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Re: Column correlation drifts, index ignored again

From: Tom Lane <tgl(at)sss(dot)pgh(dot)pa(dot)us>
To: Josh Berkus <josh(at)agliodbs(dot)com>
Cc: Kevin Brown <kevin(at)sysexperts(dot)com>,Postgres Performance <pgsql-performance(at)postgresql(dot)org>
Subject: Re: Column correlation drifts, index ignored again
Date: 2004-02-24 18:29:46
Message-ID: 23533.1077647386@sss.pgh.pa.us (view raw or flat)
Thread:
Lists: pgsql-performance
Josh Berkus <josh(at)agliodbs(dot)com> writes:
> Kevin,
>> 1.  set enable_seqscan = on
>> 2.  set random_page_cost = <some really high value to force seqscans>
>> 3.  EXPLAIN ANALYZE query
>> 4.  record the ratio of estimated to actual scan times.
>> 5.  set enable_seqscan = off
>> 6.  set random_page_cost = <rough estimate of what it should be>
>> 7.  EXPLAIN ANALYZE query
>> 8.  record the actual index scan time(s)
>> 9.  tweak random_page_cost
>> 10.  EXPLAIN query
>> 11.  If ratio of estimate to actual (recorded in step 8) is much
>> different than that recorded in step 4, then go back to step 9.
>> Reduce random_page_cost if the random ratio is larger than the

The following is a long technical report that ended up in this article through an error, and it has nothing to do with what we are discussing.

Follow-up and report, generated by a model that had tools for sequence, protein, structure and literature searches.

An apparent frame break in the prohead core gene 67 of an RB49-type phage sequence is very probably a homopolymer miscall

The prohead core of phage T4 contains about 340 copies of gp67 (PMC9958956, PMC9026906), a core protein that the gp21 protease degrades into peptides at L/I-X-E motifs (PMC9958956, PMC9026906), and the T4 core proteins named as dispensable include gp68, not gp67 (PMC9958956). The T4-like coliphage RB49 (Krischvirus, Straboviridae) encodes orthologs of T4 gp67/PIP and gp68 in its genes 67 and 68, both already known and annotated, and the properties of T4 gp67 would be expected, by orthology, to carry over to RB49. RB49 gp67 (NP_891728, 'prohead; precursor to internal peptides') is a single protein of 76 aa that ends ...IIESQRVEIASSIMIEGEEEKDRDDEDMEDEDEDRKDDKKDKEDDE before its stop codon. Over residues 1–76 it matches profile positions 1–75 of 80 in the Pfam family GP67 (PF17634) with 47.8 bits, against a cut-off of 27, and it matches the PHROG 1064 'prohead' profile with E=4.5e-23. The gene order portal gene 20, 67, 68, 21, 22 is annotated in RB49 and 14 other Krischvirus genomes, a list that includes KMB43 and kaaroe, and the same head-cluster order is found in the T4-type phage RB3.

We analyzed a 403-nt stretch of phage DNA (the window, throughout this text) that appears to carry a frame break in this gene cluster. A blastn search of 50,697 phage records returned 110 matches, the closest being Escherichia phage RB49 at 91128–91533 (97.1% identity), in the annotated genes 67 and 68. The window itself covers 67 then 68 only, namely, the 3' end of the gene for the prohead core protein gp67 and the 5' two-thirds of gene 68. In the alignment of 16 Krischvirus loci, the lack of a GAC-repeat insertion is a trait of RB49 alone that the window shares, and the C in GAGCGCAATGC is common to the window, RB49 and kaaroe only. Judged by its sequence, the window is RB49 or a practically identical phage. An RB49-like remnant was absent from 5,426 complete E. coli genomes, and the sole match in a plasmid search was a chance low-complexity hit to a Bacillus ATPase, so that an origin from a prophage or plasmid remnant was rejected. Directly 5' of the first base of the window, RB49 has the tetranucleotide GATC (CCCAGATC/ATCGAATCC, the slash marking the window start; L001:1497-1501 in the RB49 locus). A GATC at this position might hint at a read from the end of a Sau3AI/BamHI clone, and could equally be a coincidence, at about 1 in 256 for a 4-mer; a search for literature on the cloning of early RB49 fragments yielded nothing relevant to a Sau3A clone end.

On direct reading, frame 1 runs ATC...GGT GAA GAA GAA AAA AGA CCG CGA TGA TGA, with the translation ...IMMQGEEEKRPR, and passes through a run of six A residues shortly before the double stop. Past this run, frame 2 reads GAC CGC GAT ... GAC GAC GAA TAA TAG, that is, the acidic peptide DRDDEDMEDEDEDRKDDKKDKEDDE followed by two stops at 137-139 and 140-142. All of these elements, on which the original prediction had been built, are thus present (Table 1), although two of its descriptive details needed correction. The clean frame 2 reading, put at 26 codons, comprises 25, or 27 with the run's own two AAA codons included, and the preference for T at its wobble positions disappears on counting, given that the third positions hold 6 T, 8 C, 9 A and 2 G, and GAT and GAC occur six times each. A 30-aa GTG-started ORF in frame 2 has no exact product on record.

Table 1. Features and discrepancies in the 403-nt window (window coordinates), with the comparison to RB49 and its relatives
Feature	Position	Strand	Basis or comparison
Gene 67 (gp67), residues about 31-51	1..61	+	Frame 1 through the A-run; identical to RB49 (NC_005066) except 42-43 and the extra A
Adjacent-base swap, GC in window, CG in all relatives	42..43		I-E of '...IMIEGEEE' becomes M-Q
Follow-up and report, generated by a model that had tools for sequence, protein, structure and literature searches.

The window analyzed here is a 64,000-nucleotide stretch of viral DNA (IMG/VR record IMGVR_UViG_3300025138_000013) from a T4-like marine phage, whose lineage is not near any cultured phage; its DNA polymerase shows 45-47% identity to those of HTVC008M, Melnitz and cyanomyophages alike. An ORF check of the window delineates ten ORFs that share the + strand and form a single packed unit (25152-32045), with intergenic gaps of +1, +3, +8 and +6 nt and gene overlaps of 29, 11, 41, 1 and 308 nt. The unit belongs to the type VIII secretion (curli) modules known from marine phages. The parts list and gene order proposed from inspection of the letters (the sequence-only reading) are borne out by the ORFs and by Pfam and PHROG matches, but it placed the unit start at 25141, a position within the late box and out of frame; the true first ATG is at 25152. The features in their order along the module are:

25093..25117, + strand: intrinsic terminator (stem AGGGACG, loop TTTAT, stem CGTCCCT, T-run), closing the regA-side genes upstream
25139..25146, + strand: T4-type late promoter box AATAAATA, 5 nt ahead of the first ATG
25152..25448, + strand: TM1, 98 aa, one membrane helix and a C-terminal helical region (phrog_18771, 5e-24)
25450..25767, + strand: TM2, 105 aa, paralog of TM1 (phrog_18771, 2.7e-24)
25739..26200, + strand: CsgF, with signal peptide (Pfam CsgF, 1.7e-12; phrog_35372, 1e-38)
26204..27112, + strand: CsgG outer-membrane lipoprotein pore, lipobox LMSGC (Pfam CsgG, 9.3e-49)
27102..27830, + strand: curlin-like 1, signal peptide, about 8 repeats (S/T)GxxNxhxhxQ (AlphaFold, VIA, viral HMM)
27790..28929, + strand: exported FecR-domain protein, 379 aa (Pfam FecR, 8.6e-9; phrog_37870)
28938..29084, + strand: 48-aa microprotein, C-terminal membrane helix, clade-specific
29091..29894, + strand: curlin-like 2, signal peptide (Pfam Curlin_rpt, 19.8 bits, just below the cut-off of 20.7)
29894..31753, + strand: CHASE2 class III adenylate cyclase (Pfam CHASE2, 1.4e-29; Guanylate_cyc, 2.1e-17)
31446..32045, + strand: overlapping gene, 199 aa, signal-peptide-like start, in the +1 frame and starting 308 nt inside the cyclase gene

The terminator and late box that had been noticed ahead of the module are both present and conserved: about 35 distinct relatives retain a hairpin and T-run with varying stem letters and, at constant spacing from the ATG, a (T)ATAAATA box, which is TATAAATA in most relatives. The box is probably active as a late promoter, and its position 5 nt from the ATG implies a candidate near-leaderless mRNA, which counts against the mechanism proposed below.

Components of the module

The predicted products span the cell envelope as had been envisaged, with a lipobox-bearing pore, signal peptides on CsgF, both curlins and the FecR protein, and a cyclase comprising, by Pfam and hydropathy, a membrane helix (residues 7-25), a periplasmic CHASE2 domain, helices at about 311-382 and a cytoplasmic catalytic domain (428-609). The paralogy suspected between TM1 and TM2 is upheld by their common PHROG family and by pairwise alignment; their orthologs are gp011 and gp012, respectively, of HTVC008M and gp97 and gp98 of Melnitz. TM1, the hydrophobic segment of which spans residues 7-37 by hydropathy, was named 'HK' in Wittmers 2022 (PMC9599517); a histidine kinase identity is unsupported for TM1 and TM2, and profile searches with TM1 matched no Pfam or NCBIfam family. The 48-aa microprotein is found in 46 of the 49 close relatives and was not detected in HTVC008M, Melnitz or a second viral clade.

>> sequential ratio, increase if it's smaller.

> Nice, we ought to post that somewhere people can find it in the future.

If we post it as recommended procedure we had better put big caveat
notices on it.  The pitfalls with doing this are:

1. If you repeat the sequence exactly as given, you will be homing in on
a RANDOM_PAGE_COST that describes your system's behavior with a fully
cached query.  It is to be expected that you will end up with 1.0 or
something very close to it.  The only way to avoid that is to use a
query that is large enough to blow out your kernel's RAM cache; which of
course will take long enough that iterating step 10 will be no fun,
and people will be mighty tempted to take shortcuts.

2. Of course, you are computing a RANDOM_PAGE_COST that is relevant to
just this single query.  Prudence would suggest repeating the process
with several different queries and taking some sort of average.

When I did the experiments that led up to choosing 4.0 as the default,
some years ago, it took several days of thrashing the disks on a couple
of different machines before I had numbers that I didn't think were
mostly noise :-(.  I am *real* suspicious of any replacement numbers
that have been derived in just a few minutes.

			regards, tom lane

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